February is the month of love. We think about our partner, and at times we wish we could reclaim the passion that we felt early in the relationship, or we wonder where it has gone. For the lucky ones, the passion remains and is incorporated into daily life. For the average relationship, though, the intense passion has subsided, especially if the stresses of life, including family life, are part of the equation. Saying “I love you” often means something different 15 years into the relationship than it did 15 months into the relationship. So, how do we continue to show our partner that we are “in love” when the intensity of infatuation has waned? Of course, “I love you” is still very important. No matter how long you have been together, your partner will always appreciate being reminded that you love him. The next 13 ways of saying “I love you” are divided into Appreciation, Apology, and Influence. Showing your partner that she is appreciated lets her know that you are not taking the relationship for granted. Being able to say “I’m sorry” in different ways lets your partner know that you are willing to keep the lines of communication open, even when you disagree. Allowing your partner to influence your decisions or opinions tells your partner that you still find his input valuable. So, how do we say this in our daily life and relationship? (Taken from Gottman’s Repair Checklist) Appreciation Thank you for (e.g. being open about…) One thing I admire about you is… I am thankful for… I know this isn’t your fault. Apology Let me...

How Loud is Your Critical Voice?

Everyone has a critical voice. It’s that nagging voice inside our mind that comments on our behaviours, feelings, and thoughts. Your critical voice may be manageable—you may be able to consider what it is saying, but then evaluate whether it’s useful for you. Or, it may be unmanageable and a large contributing factor to feeling depressed, incompetent, and less worthy. If the latter is true, it’s important to do some work on your critical voice. Two types of self-criticism seem to be most prevalent: dismissive and punitive. If our critical voice is dismissive, any time we have an emotional response, we tell ourselves “don’t feel that way” or “get over it.” We downplay our feelings and tend not to consider them valid. We have these unacknowledged feelings inside of us that are suppressed. This suppression can lead to depression and feeling disconnected. It can also cause an inappropriate delayed reaction or erupt out of context. If our critical voice is punitive, we place excessive demands on ourselves, and find it difficult to allow for any mistakes. This type of voice is very harsh and often tells us, “you should have done better,” or “you failed.” The critical voice leaves us feeling incompetent and worthless. It’s important to become more aware of your critical voice. Start observing how often it tells you that your emotions are not valid or criticises your every move. Notice how you feel after your critical voice has been very loud or punitive. Do you feel lethargic? Irritated? Overwhelmed? The critical voice is often related to other significant messages that we heard when we were younger....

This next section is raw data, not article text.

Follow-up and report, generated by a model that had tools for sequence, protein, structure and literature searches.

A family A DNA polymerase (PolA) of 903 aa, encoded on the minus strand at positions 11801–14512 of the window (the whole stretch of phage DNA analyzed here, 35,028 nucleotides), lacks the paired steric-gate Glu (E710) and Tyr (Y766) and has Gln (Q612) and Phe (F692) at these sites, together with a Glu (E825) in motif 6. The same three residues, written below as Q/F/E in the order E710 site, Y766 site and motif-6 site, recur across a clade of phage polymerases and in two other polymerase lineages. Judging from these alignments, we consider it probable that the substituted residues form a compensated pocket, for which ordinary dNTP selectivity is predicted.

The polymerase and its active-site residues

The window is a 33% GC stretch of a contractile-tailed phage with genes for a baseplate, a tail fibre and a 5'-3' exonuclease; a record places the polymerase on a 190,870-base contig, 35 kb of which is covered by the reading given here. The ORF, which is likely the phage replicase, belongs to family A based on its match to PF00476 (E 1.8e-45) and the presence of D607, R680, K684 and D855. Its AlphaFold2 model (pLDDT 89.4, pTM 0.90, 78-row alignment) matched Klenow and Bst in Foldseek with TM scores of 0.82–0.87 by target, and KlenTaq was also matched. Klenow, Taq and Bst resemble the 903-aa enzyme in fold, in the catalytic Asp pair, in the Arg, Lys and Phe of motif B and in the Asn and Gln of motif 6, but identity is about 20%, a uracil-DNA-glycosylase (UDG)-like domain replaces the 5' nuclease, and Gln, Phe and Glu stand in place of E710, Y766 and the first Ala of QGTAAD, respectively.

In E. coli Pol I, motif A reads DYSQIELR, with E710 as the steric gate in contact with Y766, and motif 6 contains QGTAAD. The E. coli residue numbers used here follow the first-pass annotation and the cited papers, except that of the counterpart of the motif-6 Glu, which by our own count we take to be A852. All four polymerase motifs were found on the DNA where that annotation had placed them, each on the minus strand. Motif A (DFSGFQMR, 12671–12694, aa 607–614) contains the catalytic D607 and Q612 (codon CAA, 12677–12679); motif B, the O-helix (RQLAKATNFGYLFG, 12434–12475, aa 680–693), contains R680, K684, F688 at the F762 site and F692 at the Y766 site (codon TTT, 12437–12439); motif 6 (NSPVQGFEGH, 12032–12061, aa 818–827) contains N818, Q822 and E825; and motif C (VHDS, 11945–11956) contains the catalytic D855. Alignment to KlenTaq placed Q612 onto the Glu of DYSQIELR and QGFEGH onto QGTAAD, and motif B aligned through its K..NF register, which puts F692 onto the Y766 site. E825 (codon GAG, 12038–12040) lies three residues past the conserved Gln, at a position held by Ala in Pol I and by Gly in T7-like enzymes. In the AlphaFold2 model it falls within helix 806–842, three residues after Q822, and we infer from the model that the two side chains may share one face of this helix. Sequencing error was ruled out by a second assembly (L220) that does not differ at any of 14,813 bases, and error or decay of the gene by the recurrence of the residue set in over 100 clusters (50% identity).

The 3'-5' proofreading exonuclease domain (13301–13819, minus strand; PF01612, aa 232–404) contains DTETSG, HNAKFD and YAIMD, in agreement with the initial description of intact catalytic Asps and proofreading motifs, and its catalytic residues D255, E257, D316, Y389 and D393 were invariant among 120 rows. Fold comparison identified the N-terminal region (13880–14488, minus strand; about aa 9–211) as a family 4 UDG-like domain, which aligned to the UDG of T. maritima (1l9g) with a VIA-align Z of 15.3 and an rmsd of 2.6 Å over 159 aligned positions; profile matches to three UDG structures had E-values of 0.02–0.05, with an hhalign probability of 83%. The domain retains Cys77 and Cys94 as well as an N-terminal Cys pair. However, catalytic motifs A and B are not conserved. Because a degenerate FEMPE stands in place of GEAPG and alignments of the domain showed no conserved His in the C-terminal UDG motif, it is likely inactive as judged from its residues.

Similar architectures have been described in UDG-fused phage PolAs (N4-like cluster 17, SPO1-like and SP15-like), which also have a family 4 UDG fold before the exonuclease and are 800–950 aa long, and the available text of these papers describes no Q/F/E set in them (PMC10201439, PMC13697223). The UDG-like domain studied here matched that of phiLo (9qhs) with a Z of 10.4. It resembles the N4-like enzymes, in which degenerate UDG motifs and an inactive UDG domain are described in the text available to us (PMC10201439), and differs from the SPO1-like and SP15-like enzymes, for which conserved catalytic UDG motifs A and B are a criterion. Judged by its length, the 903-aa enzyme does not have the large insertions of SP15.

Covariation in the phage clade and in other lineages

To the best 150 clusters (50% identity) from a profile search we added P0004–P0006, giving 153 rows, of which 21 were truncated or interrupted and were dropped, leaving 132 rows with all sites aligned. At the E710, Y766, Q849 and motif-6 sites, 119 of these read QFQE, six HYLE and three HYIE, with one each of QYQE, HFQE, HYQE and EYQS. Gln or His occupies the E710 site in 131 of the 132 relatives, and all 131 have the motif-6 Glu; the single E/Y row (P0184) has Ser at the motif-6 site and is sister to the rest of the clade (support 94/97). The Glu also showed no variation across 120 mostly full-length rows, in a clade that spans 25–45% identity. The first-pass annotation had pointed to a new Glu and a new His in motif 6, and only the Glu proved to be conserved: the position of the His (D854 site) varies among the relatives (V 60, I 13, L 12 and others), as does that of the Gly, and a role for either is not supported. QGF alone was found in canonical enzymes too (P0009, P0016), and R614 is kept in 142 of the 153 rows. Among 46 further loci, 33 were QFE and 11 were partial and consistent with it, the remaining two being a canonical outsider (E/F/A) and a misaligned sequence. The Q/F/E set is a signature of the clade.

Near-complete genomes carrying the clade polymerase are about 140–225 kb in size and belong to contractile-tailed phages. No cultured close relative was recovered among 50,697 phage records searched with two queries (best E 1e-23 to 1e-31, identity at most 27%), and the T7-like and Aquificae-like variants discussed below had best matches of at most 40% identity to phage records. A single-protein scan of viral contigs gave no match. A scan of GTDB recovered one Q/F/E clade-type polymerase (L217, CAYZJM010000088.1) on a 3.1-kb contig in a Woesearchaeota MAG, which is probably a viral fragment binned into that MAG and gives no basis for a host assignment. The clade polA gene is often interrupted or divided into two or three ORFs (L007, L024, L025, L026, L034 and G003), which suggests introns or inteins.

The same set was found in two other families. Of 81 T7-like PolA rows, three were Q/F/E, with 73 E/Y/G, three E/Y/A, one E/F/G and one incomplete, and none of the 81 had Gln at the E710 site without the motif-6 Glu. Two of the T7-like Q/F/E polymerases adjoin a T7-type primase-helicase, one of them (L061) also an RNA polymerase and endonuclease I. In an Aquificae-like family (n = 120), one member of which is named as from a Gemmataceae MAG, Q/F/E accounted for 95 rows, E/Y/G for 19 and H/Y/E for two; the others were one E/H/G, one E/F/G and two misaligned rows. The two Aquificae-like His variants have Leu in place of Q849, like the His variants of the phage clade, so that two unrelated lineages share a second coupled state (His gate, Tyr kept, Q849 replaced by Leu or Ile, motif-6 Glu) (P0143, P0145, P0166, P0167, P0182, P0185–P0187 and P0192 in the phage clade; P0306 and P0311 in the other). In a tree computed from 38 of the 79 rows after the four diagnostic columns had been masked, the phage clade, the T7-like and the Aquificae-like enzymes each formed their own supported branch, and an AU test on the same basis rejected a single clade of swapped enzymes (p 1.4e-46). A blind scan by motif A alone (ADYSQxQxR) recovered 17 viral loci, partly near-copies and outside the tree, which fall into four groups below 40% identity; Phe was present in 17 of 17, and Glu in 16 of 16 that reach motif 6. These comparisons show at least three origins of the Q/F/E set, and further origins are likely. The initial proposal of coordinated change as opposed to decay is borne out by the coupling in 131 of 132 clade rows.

Is Marriage Counselling Enough?